russia the bogeyman

Posted on May 22, 2007

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If we’re not back in the days of the Cold War yet, we’re most probably heading there fast.

Russia under Vladimir Putin is on a war path with the West and its latest fight is with the UK, in Russia’s refusal to extradite Andrei Lugovoi, a former KGB officer charged by the UK of killing Alexander Litvinenko with the radioactive isotope polonium-210 last November.

Naturally, it would be hard for Russia to hand Lugovoi over, those who have pointed the finger at the Kremlin said, for fear of the British unraveling the mystery and identifying the perpetrators.

They said that Lugovoi would not have obtained the polonium without assistance from well-placed sources in the Russian administration. “Clearly it was a state-sponsored job. But who within the Russian state? . . . It must be someone very, very high up,” Alex Goldfarb, a spokesman for Litvinenko’s family told the Washington Post. “It is unrealistic to think Putin will surrender the perpetrator because he will tell the whole plot to the British.”

But the world at large, and the West in particular, ought to be getting alarmed at Russia’s increasingly aggressive, even thuggish behavior in its foreign policy, propelled by its need to defend and assert itself amid misplaced notions of nationalism and resurgence.

Silencing an exiled citizen who had mouthed-off against Russia is a mere footnote compared to recent Russian behavior against other nations, which has become more antagonistic.

Earlier this month, Russia unleashed its wrath against Estonia for removing a statue of a Soviet soldier from central Tallinn, in what is believed to be an orchestrated series of cyber attacks against Estonia’s government websites, banks, newspapers and companies. Russians have also staged violent protests against the Estonian embassy in Russia, even to the point of trying to attack the Estonian ambassador to Russia.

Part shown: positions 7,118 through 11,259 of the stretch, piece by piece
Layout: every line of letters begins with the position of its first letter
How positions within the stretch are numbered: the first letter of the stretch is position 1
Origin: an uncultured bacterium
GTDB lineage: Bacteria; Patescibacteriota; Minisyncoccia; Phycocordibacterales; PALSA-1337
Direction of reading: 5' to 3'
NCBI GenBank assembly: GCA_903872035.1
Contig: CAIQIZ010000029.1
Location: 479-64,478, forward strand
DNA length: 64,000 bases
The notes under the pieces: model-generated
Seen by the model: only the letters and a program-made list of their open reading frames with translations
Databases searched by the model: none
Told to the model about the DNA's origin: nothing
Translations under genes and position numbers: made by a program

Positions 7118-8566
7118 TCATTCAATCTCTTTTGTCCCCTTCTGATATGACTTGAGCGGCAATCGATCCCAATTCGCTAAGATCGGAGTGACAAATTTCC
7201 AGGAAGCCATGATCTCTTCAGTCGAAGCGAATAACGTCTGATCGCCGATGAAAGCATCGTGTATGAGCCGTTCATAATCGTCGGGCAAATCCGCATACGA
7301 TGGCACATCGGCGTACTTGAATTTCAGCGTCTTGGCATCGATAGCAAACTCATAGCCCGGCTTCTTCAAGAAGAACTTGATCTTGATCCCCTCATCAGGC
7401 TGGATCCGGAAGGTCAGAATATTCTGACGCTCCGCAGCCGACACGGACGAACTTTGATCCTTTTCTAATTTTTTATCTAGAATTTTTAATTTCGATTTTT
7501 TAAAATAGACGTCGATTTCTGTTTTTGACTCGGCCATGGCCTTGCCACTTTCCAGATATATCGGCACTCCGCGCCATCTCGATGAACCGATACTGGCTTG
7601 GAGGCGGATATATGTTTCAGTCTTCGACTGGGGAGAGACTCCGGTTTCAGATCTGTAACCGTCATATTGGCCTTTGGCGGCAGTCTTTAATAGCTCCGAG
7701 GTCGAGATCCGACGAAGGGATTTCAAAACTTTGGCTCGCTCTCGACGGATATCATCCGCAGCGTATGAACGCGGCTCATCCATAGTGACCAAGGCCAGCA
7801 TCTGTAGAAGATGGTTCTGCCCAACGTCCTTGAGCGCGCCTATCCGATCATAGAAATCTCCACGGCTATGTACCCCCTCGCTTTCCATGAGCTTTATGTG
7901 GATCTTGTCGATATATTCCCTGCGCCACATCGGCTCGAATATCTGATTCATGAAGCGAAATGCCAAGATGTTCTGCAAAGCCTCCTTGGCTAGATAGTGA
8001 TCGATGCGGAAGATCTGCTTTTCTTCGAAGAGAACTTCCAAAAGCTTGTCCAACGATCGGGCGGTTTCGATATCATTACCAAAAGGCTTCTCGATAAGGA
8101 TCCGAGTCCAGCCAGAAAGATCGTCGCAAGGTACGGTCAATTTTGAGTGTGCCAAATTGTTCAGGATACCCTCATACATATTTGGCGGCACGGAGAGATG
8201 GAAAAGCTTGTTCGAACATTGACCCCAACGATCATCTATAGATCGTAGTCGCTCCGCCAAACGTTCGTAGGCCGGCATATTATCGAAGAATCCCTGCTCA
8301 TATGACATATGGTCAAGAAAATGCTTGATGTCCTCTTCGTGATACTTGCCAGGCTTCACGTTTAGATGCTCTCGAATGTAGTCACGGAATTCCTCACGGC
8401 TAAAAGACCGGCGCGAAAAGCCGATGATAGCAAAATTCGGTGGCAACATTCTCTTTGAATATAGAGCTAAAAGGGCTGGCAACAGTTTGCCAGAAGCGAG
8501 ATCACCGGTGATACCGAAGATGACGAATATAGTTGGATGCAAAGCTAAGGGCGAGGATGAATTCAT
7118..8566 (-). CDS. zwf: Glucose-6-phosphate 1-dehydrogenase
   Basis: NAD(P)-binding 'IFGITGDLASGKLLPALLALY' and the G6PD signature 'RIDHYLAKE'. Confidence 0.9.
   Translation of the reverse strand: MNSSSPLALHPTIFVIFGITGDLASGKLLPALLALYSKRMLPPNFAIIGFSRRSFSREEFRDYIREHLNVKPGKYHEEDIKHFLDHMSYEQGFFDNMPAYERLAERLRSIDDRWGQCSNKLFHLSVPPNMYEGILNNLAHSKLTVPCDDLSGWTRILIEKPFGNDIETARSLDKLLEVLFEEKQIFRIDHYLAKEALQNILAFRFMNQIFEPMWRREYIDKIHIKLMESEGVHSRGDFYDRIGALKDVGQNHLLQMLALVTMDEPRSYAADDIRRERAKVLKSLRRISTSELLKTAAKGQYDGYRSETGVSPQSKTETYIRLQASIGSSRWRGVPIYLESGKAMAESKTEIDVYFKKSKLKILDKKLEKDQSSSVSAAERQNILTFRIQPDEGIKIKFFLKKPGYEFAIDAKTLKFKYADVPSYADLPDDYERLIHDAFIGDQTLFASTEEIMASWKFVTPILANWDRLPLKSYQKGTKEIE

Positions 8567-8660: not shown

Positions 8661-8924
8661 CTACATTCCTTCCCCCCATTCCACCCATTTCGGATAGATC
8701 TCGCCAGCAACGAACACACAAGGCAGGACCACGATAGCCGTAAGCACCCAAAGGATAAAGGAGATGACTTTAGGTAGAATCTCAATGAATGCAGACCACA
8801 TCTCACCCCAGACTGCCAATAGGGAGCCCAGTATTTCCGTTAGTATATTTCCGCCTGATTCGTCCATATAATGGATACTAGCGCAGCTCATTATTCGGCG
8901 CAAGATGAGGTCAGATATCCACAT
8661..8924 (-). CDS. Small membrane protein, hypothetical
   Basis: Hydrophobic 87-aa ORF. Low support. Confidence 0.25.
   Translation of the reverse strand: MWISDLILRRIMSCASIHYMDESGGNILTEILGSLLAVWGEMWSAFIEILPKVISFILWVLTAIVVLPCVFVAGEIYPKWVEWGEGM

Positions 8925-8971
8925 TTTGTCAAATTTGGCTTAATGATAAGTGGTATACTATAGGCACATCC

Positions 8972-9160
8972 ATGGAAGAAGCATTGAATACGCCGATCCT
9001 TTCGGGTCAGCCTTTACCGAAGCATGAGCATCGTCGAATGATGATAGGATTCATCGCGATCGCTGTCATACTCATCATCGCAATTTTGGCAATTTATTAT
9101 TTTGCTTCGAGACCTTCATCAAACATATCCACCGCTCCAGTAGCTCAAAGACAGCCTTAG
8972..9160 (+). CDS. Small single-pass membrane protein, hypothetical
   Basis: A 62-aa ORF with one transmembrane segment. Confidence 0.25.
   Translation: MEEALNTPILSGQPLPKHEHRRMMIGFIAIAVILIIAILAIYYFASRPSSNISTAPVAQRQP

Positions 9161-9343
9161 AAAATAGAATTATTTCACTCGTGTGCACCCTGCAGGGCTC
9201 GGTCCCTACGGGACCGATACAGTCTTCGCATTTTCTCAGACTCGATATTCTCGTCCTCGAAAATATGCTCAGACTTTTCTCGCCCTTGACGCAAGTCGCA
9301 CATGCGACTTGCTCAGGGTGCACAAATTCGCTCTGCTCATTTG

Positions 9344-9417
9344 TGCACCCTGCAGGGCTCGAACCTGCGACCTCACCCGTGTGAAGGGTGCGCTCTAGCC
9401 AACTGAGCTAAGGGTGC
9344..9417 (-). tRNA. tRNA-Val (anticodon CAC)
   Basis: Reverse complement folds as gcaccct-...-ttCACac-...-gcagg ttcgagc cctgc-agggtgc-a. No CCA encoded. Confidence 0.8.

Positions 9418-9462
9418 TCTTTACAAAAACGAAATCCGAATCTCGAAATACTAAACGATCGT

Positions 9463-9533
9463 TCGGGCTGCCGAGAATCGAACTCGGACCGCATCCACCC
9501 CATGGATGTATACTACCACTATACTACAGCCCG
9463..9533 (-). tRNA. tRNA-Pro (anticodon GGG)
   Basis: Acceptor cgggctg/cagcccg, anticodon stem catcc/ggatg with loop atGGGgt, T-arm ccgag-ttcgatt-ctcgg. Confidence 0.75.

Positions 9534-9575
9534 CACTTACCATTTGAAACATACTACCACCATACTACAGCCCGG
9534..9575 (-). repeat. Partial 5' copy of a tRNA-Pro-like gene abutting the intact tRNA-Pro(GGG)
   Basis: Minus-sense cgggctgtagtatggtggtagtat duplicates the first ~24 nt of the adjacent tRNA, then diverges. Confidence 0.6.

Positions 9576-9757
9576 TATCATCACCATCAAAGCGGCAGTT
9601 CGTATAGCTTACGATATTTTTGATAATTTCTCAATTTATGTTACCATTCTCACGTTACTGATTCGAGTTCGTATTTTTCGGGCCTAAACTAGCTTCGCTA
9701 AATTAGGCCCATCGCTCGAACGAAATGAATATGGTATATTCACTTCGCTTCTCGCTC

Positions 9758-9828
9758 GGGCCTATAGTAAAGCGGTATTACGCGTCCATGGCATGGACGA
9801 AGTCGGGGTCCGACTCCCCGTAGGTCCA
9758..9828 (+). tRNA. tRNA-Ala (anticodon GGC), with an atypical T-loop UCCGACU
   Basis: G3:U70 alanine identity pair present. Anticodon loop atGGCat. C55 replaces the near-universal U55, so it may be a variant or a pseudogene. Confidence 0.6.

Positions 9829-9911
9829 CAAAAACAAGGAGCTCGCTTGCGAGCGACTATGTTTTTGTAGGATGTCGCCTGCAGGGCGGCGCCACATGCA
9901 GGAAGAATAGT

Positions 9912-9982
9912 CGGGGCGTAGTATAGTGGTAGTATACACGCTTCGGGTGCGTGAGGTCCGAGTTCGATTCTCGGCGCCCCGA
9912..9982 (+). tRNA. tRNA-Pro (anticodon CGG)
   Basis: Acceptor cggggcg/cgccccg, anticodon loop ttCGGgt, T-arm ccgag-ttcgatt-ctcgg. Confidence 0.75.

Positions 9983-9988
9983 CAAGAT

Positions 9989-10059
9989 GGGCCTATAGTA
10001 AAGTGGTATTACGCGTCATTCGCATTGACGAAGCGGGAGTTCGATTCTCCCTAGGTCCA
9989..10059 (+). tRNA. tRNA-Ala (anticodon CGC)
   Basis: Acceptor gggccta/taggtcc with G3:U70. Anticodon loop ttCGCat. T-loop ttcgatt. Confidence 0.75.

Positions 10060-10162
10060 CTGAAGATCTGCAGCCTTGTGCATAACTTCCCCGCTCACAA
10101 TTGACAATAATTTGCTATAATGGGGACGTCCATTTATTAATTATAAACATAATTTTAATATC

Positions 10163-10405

Putin himself had recently made progressively provocative pronouncements. Just this month, he criticized the US as being akin to Nazi Germany. Not too long ago, he had openly complained of its feeling of being encircled as the US looks towards placing missile sites near Russia’s border, in Poland and the Czech Republic.

Russia’s relations aren’t much better with the European Union. Last week’s summit between Russia and the EU ended on a sour note, with the EU boldly criticizing Russia’s restrictions on protesters for the summit while raising Russia’s human rights record.

Russia’s actions have even provoked a warning by the EU that Russia has to deal with the EU as a whole, a warning for Russia not to continue regarding former Soviet-sphere countries as its satellites and subjecting them to trade sanctions.

Putin is scheduled to meet the leaders of the G8 in a gathering next month. The leaders of those nations should use the occasion to continue standing up to Russia by working together to reject its bullying tactics.

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Posted in: europe, politics, russia, US